What happens when doctors don't read papers well?
The case of Eric Topol and how loud voices online can harm medicine
Previously, I have expressed my concern that Dr. Eric Topol is frequently quoted by news outlets discussing contemporary research, while he repeatedly demonstrates errors in reading and interpreting the underlying scientific work. This is a huge problem for the public interpretation of science, and can lead to policy errors.
Previously in this blog, I detailed at least 4 examples, and encourage you to read these links:
Here Topol promotes a misleading observational study of Paxlovid. According to the paper, the drug appears to work immediately after taking it, which would be impossible, and clearly indicates selection bias— a key error of the paper that Topol does not seem to appreciate.
Here Topol promotes a misleading observational study claiming vaccines can treat long COVID, which has essentially the same (it works too fast to be true) error.
Here Topol inaccurately summarizes a paper saying it compares people who COVID 19 to uninfected controls, when it compares people who had COVID19 and HAVE the POST COVID CONDITION to uninfected controls— sort of a big difference, and apparently to anyone who read the abstract.
And here Topol again inaccurately summarizes a paper, falsely claiming it shows that vaccines lower the risk of heart attacks and strokes, when the paper only selects people who had EHR documented COVID19. This is a huge and important difference.
Frequently making errors in interpreting and publicizing medical evidence is dangerous. Topol famously took credit for delaying the initial vaccine EUA in the fall of 2020, a delay that would have catastrophic consequences. I explain that in my recent paper on vaccines, and it is detailed in MIT technology review.
Finally, and most famously, Topol amplified Elizabeth Holmes.
Last, I checked Theranos did not “revolutionize testing.”
It would have been obvious to anyone with critical appraisal skills that frequent finger-stick blood draws may be both technically infeasible and medically undesirable.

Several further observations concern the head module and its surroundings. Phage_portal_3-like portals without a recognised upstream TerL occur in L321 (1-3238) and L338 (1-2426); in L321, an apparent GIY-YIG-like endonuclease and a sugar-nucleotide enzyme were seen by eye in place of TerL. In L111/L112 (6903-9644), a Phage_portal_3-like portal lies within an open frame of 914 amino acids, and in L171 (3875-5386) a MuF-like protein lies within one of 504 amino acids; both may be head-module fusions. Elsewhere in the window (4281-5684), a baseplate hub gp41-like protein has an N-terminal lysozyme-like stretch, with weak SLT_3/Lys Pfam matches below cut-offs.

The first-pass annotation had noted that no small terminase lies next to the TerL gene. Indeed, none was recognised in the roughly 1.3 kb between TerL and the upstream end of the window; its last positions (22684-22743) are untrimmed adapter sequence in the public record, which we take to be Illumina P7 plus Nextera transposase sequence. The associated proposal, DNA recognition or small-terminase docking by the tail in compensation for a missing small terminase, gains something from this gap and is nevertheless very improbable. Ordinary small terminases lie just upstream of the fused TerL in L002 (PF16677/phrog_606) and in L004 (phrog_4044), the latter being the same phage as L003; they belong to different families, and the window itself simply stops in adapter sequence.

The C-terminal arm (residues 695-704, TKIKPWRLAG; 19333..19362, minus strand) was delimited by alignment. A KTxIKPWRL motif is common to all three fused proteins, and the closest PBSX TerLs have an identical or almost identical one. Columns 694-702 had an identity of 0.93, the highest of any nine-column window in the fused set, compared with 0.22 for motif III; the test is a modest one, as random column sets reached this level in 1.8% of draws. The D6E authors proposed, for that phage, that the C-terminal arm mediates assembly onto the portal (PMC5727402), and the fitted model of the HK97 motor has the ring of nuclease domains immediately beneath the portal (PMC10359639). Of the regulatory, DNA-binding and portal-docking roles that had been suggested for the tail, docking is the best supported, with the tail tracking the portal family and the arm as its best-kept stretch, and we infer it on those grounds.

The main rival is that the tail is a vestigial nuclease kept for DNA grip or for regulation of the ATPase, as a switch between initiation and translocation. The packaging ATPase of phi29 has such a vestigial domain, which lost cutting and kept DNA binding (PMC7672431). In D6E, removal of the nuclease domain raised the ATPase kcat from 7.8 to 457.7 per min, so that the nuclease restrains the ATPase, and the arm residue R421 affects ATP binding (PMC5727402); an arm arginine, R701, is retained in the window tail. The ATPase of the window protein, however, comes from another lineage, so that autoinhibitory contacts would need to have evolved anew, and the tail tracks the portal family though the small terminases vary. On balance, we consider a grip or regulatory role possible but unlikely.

Enter the latest topic. Recently, two people analyzed an NEJM paper on RSV vaccination among pregnant women. Topol on his substack and Dave Allely for Sensible Medicine. Mr Allely is a medical student.
There are four basic points of critical appraisal that a good reader should have noted in the NEJM paper.
A prior RSV vaccine program had been halted due to the concern for low birth weight babies. Do you see that safety signal here?
Reducing disease from RSV is good, but is that reduction translated into a global reduction in all respiratory viruses, and all hospitalizations?
Are the benefits and risks presented similarly/ fairly?
Breastfeeding maybe an important effect modifier, was that reported?
Now let's turn to the two essays. Medical student Dave Allely nails all 4 of these issues.
“Given that GSK found a safety signal of increased preterm births in their maternal RSV vaccine study, I think it is crucial to determine whether the 1% increase in absolute risk of preterm birth is real, which this study has not done.”
“All cause LRTI [lower respiratory tract infection]: There was unambiguously zero effect on all-cause LRTI:”
“This is obviously a poor way to present bar graphs, and you can often tell the difference between efficacy and safety figures by simply looking at scale.”
“the glaring omission in my mind is breastfeeding…”
As for Topol, 0/4. The entire piece reads like an advertisement for the company
“To note, in all 4 of these trials there were no safety concerns identified besides the expected acute phase reactogenic side effects as seen with the Covid mRNA/nanoparticle vaccines.”
“Why the new RSV vaccines are a BFD| The era of rational, structure-based design of vaccines that's hitting it out of the park.”
“This is the most exciting time in the history of vaccines.”
“It has been exhilarating to see all the work from many labs around the world culminate in such a rapid succession of success stories, with many more to come.”
In contrast with Mr. Allely, Topol’s commentary provides no actual appraisal. It ignores all the key issues, and reads so much like an advertisement, Topol feels compelled to end his post, “I have no relationship with J&J, GSK, Pfizer, Moderna or any vaccine manufacturer mentioned in this piece.”
The news media frequently quotes Eric Topol on a range of medical issues, but a close examination of his output reveals numerous errors in interpretation of data, and often a superficial reading. Journalists should seek content specific experts on each story, and be careful that prominent voices on social media may not be accurate, detailed or thorough.
Not everyone is good at critical appraisal of medical literature. If you aren’t good, it is never too late to work to improve ones skillset before commenting widely.